Prime Minister Prayut Chan-o-cha has identified the results of bad education policies correctly. He noted quite bluntly in a message to teachers and their managers last week that Thai students perform woefully at all levels, in all tests, at home and abroad. This is hardly news. But his recommendations on turning around this wretched state of affairs were less on point, and a lost opportunity.
The prime minister was addressing 20,000 teachers, and "senior education management" as the organisers of the Office of the Basic Education Commission called them. The meeting in Bangkok was a prime chance for Gen Prayut to show his tough side. Instead, according to reports from inside the meeting hall, it all dissolved into bromides and calls for teachers to do better, and "educators" to embrace new thinking.
This is all very correct. But like leaders before him, and like his current regime's primary bodies, Prime Minister Prayut fell far short on the specifics. He made a controversial, flat statement that "Educational problems cannot be solved by political means". In literal terms, he is correct. He quickly added that for education to improve, there has to be cooperation from all involved sectors. After bluntly instructing leading educators to do a better job of educating young people, Gen Prayut almost immediately pointed out, again correctly, that there is no clear direction from above.
There is general agreement among the public, media and other circles, that the military regime has so far failed education. Gen Prayut led a military coup that promised reform. Outside of the direct political sphere, there has been little. Several polls in the past year have allowed the public to vent their feelings, and each time the two top criticisms of the current government are a failure to reform the Royal Thai Police and a lack of any sort of reform in education.
Gen Prayut told the educators that "flaws in the system" need fixing. This is understated. There is little disagreement among serious educators, teachers and parents across the country that the biggest problem in education is the system. The Education Ministry, its bureaucrats and its usually outdated, often unhelpful policies are cited most often by experts seeking change, or offering to help.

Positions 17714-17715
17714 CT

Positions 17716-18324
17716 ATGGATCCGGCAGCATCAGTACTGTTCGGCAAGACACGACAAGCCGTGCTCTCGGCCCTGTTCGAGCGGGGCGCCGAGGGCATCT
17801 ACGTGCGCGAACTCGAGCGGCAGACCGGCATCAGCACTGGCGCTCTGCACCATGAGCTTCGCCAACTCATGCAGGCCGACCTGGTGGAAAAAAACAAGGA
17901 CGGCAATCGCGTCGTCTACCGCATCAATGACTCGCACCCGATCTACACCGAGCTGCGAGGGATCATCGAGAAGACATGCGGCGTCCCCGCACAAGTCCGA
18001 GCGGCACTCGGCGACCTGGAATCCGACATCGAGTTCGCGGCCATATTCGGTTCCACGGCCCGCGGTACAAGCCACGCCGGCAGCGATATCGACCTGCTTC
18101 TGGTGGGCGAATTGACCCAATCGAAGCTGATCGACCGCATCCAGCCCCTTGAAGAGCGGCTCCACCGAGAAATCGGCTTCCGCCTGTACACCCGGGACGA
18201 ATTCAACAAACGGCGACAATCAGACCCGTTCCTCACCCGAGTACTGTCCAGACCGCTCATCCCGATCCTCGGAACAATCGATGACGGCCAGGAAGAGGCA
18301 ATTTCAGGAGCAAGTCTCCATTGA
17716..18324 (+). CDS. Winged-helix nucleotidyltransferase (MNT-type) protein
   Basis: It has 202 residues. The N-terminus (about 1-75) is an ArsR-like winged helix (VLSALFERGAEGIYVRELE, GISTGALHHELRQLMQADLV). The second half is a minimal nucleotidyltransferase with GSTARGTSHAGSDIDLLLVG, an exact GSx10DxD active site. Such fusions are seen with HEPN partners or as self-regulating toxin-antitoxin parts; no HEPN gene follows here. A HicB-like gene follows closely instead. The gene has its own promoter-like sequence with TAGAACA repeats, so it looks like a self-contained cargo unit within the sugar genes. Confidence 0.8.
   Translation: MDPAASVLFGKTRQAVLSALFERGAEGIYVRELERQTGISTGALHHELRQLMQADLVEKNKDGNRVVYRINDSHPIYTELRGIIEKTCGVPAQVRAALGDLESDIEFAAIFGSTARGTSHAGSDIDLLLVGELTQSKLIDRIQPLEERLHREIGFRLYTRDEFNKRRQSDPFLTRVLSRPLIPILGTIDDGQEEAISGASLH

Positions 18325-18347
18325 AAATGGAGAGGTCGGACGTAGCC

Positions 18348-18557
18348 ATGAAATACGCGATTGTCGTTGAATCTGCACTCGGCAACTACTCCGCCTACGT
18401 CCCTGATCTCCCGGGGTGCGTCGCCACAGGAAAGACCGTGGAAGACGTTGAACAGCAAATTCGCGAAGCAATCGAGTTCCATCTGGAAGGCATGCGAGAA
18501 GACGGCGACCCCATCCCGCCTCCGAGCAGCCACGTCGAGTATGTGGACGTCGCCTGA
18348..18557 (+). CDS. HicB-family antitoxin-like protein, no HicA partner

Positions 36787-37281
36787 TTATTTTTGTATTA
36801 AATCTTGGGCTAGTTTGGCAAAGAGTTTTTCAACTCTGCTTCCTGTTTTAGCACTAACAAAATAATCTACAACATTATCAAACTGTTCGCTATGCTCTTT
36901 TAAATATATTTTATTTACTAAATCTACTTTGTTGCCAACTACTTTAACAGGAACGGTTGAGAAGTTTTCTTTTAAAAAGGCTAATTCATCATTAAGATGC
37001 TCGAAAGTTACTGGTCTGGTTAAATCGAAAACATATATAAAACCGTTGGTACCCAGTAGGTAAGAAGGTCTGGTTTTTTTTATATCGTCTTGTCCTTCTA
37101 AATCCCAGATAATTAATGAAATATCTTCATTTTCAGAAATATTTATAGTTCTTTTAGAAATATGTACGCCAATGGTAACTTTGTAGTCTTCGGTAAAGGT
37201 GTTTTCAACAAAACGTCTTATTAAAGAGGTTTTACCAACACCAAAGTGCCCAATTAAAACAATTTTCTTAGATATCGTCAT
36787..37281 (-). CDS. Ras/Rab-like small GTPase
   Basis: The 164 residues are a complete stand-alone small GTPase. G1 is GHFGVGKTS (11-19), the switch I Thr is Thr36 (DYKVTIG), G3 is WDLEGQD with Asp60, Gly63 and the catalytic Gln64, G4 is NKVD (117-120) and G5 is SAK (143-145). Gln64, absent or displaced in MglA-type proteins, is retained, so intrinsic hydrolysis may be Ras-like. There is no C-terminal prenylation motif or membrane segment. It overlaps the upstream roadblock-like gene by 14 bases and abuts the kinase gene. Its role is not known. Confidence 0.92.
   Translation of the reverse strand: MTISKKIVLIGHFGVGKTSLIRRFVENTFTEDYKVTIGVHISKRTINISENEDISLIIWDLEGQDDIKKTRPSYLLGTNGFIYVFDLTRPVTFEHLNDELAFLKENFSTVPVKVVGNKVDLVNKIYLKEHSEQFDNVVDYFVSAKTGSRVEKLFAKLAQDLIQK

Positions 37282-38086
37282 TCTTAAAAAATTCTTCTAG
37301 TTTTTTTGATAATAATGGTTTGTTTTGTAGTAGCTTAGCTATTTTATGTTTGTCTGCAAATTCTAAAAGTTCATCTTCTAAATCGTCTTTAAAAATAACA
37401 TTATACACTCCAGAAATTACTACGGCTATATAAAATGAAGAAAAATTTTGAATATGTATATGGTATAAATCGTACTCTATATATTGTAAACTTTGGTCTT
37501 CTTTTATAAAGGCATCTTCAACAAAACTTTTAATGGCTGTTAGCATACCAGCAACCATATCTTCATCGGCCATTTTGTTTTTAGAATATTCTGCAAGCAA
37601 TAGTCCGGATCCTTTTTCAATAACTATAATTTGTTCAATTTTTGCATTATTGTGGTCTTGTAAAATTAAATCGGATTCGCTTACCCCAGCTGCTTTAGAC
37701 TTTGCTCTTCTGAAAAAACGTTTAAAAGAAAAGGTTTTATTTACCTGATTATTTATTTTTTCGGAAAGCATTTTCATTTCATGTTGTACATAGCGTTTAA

The statistics are not just depressing, but shameful. For years, Thai students have ranked among the worst in the world on standardised testing. In recent, international-standard tests, our students received scores of under 50% in every subject, including Thai language.
A second set of world-standard tests by the National Institute of Educational Testing Service (Niets) last February were equally dreary. Thai students actually raised their score to 56.6% -- in Thai language. In all eight other subjects covering culture, history maths and science, Niets didn't provide the actual scores, except to say that Thai students achieved "less than 50%" in each.
It must be noted the huge Education Ministry has the biggest budget in government -- far better than defence. The problem, then, isn't money. As Gen Prayut says, teachers and local educators are getting no fresh ideas or support from above. Some believe the Ministry has become a centre of self-preservation, more interested in protecting promotions and perks than in its core duty of educating tomorrow's leaders.
The premier would do the country a favour with a firm commitment to reform of education. There is no shortage of expertise. But it will take a combination of constant support from the top and a re-commitment to our children.